It is my humble opinion that this episode featured the most carefully-crafted, dramatically-portrayed scene in TCW
so far. Certainly there have been more epic, intense conflicts, but something about Aurra Sing's second strike really resonated with me as someone who enjoys analyzing cinematic execution. I am a big fan of the now-concluded series 24
, and if anyone has seen it, they'll probably agree with me that the unraveling of Ahsoka's "decoy Padmé" plan resembled a classic 24
twist in a lot of ways. At first, everyone walks in, and the plan is set into motion. Ahsoka (whom I liken here to Jack Bauer) surveys the environment to look for clues as to when the inevitable will occur. The situation that the protagonists have set up begins to occur -- in this case, Padmé's speech. As the situation progresses, the hero (Ahsoka or Jack Bauer) begins to suspect that something is wrong. What is the assassin waiting for? He or she might ask. Then it hits them: the villain is onto them. The hero rushes to the location of the real target, as the villain does the same, as the initially constructed situation (here it's the speech) continues to play out in muffled, now-unimportant tones. Finally, the hero arrives just in time to prevent the murder. My explanation obviously doesn't do the dramatic tension justice, but in watching that confrontation, I immediately thought of 24
-- and anyone who's familiar with the critical success of that show will agree that such an association is a very good thing. Bravo to the entire team for one of my favorite scenes in the whole series.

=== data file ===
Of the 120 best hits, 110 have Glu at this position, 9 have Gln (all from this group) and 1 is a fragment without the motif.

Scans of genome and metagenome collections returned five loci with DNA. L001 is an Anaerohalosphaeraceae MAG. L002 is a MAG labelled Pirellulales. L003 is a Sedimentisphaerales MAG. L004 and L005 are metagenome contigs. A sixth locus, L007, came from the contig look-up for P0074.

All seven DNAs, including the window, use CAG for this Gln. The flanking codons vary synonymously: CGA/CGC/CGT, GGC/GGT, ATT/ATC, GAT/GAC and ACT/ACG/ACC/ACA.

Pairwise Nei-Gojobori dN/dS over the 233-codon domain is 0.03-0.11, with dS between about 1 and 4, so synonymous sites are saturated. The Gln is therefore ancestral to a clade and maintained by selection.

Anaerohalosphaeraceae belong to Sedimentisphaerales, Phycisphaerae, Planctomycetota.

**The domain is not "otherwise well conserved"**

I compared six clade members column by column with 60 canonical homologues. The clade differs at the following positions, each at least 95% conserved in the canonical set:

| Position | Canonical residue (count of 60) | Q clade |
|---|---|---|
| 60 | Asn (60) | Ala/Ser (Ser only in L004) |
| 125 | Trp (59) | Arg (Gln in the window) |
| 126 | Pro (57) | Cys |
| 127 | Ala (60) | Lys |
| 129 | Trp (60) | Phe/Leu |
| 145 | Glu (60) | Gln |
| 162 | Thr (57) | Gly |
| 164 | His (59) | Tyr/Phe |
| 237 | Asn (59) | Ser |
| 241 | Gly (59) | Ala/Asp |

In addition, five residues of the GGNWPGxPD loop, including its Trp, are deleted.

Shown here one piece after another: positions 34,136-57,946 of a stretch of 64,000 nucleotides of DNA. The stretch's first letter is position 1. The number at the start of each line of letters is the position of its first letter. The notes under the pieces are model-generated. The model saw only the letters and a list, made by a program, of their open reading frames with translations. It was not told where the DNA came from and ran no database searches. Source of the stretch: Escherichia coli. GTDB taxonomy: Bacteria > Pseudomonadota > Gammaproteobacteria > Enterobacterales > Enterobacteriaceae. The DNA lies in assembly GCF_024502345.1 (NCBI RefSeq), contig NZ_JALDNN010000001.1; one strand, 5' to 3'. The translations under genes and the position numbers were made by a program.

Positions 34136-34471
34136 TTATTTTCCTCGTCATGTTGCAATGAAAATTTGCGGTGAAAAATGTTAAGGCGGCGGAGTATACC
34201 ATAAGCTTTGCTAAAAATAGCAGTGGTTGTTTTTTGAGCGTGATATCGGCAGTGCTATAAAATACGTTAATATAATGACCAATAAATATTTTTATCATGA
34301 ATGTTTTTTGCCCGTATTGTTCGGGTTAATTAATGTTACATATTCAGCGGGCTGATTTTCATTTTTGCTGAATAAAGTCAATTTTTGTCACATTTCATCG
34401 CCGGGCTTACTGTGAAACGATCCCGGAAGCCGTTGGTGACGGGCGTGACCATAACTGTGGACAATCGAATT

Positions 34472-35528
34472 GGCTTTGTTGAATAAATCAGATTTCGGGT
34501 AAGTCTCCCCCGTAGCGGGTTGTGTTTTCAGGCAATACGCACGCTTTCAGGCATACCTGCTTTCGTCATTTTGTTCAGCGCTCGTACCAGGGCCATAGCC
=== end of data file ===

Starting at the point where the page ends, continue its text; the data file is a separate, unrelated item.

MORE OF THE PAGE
Ahsoka's nightmares form a core part of this episode. They're portrayed very creepily, with an unsettling urgency that Ahsoka recognizes as impending danger. Aurra Sing is the perfect boogeyman for the young Jedi -- she looks, sounds, and acts dangerous, and after their previous confrontation in Lethal Trackdown
, they might as well be arch-enemies. I thought it was interesting that the origin of the visions themselves wasn't really addressed -- they're saving that for another time, which is good, because I'd like to see these premonitions become a recurring theme. What is the Force trying to tell Ahsoka? What is the TCW
team trying to tell us about Ahsoka through these visions? Both great questions that I'm sure this series will answer in a truly Star Wars way. Visually speaking, the style of Ahsoka's nightmares reminded me of Anakin's dark dreams from the Prequel Trilogy, which adds another layer of menace to Ahsoka's possible future.